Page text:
Did the book change significantly from when you first starting working on it to the final version? How long did the project take from start to finish?


The project was completed over a four-year period and was it was labour intensive. It took a long time to consult and collaborate with the more than 20 artists, researchers, academics and activists whose work features in the collection. Collaborative artistic work (like labour organizing) can be challenging, but in the end the ability to create something much bigger than your self is deeply rewarding.


What do you need in order to write — in terms of space, food, rituals, writing instruments?


Each artist/writer/researcher has a different work routine/process/supply of tools. One thing that we all share, however, is a passion for blending art, activism, and history. The belief in a better world sustains our art practices and keeps us motivated to continue working on our projects.


What do you do if you're feeling discouraged during the writing process? Do you have a method of coping with the difficult points in your projects?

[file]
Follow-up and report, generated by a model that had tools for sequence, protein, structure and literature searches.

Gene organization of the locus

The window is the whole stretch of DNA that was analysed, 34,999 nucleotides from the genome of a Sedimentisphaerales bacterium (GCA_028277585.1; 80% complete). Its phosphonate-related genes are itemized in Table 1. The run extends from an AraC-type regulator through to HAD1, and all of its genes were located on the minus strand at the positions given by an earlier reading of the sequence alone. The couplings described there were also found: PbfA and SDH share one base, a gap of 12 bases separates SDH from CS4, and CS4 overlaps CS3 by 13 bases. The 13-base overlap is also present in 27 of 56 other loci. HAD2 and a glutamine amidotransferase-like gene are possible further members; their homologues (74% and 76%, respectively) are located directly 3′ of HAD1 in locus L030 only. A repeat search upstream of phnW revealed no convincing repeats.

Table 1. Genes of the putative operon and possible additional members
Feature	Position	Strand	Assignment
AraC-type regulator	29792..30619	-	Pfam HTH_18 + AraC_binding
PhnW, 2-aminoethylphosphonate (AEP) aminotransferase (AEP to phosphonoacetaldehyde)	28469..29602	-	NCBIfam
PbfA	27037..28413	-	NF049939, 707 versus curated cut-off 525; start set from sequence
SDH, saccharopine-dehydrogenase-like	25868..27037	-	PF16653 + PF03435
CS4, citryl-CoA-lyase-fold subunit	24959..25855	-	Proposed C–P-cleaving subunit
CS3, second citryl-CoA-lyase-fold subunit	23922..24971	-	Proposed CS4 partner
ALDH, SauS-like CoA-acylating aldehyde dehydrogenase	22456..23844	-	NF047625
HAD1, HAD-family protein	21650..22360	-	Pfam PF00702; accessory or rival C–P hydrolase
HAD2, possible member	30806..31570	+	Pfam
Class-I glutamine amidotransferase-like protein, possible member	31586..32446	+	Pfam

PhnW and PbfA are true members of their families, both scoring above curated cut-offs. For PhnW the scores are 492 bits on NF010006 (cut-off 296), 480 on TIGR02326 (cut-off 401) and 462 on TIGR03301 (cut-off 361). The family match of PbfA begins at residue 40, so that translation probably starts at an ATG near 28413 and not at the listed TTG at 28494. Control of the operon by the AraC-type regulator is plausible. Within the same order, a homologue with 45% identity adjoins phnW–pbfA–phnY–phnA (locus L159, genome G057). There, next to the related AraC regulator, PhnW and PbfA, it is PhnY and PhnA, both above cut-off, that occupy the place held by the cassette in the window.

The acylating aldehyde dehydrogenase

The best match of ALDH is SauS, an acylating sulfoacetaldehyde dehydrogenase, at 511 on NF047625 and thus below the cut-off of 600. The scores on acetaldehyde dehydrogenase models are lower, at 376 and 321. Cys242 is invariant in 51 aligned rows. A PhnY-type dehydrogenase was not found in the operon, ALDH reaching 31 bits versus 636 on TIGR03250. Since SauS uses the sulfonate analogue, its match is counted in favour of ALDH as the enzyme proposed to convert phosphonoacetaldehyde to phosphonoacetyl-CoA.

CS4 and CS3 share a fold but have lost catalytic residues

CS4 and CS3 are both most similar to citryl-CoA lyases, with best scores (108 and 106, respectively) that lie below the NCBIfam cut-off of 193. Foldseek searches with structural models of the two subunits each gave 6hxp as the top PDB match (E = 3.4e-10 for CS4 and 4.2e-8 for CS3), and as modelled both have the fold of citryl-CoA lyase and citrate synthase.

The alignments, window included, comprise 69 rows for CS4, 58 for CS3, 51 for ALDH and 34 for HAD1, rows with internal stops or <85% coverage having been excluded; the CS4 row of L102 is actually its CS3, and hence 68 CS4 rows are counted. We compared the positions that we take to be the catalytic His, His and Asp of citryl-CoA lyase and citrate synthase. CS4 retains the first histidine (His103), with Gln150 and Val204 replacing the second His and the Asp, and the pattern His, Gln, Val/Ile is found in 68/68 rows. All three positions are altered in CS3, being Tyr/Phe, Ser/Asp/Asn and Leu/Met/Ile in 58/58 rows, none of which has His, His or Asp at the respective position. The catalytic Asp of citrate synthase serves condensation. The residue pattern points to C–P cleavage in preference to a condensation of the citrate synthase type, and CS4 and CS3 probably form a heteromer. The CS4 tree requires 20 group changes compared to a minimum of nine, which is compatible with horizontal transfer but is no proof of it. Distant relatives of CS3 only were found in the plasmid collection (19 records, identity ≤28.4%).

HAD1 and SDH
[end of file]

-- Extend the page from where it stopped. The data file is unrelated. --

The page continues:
One of the benefits of a collaborative project is that there are always people to reach out to for help. A common socialist saying is, “from each according to their abilities to each according to their needs.” The GHC embodies this saying. Artists and researchers have access to a network of folks interested in helping and supporting each other to produce their work for the betterment of society.


What defines a great book, in your opinion? Tell us about one or two books you consider to be truly great books.


To us, a great book is one that inspires people to make social change. It challenges people to see the world differently and encourages them to talk with their friends, families, and fellow workers about how they can, collectively, take steps towards empowerment and action. Good books are revolutionary tools. In this vein, two activist comic books that we have been inspired by are Gord Hill’s The 500 Years of Resistance Comic Book (Arsenal, 2010) and the Corrective Collective’s She Named It Canada Because That’s What It Was Called (Press Gang, 1971).


What are you working on now?


The Graphic History Collective is working a number of exciting projects. We are in the beginning stages of a new comic book about the history of the strike in Canada as a political tool of protest. This summer we will be releasing an activist colouring book that features prominent North American labour organizers with a special focus on Canadians. We are also working on a special project to be unveiled in late 2016/early 2017… so stay tuned and get connected!

The Graphic History Collective is made up of Sam Bradd, Sean Carleton, Robin Folvik, Mark Leier, Trevor Mckilligan, Kara Sievewright and Julia Smith.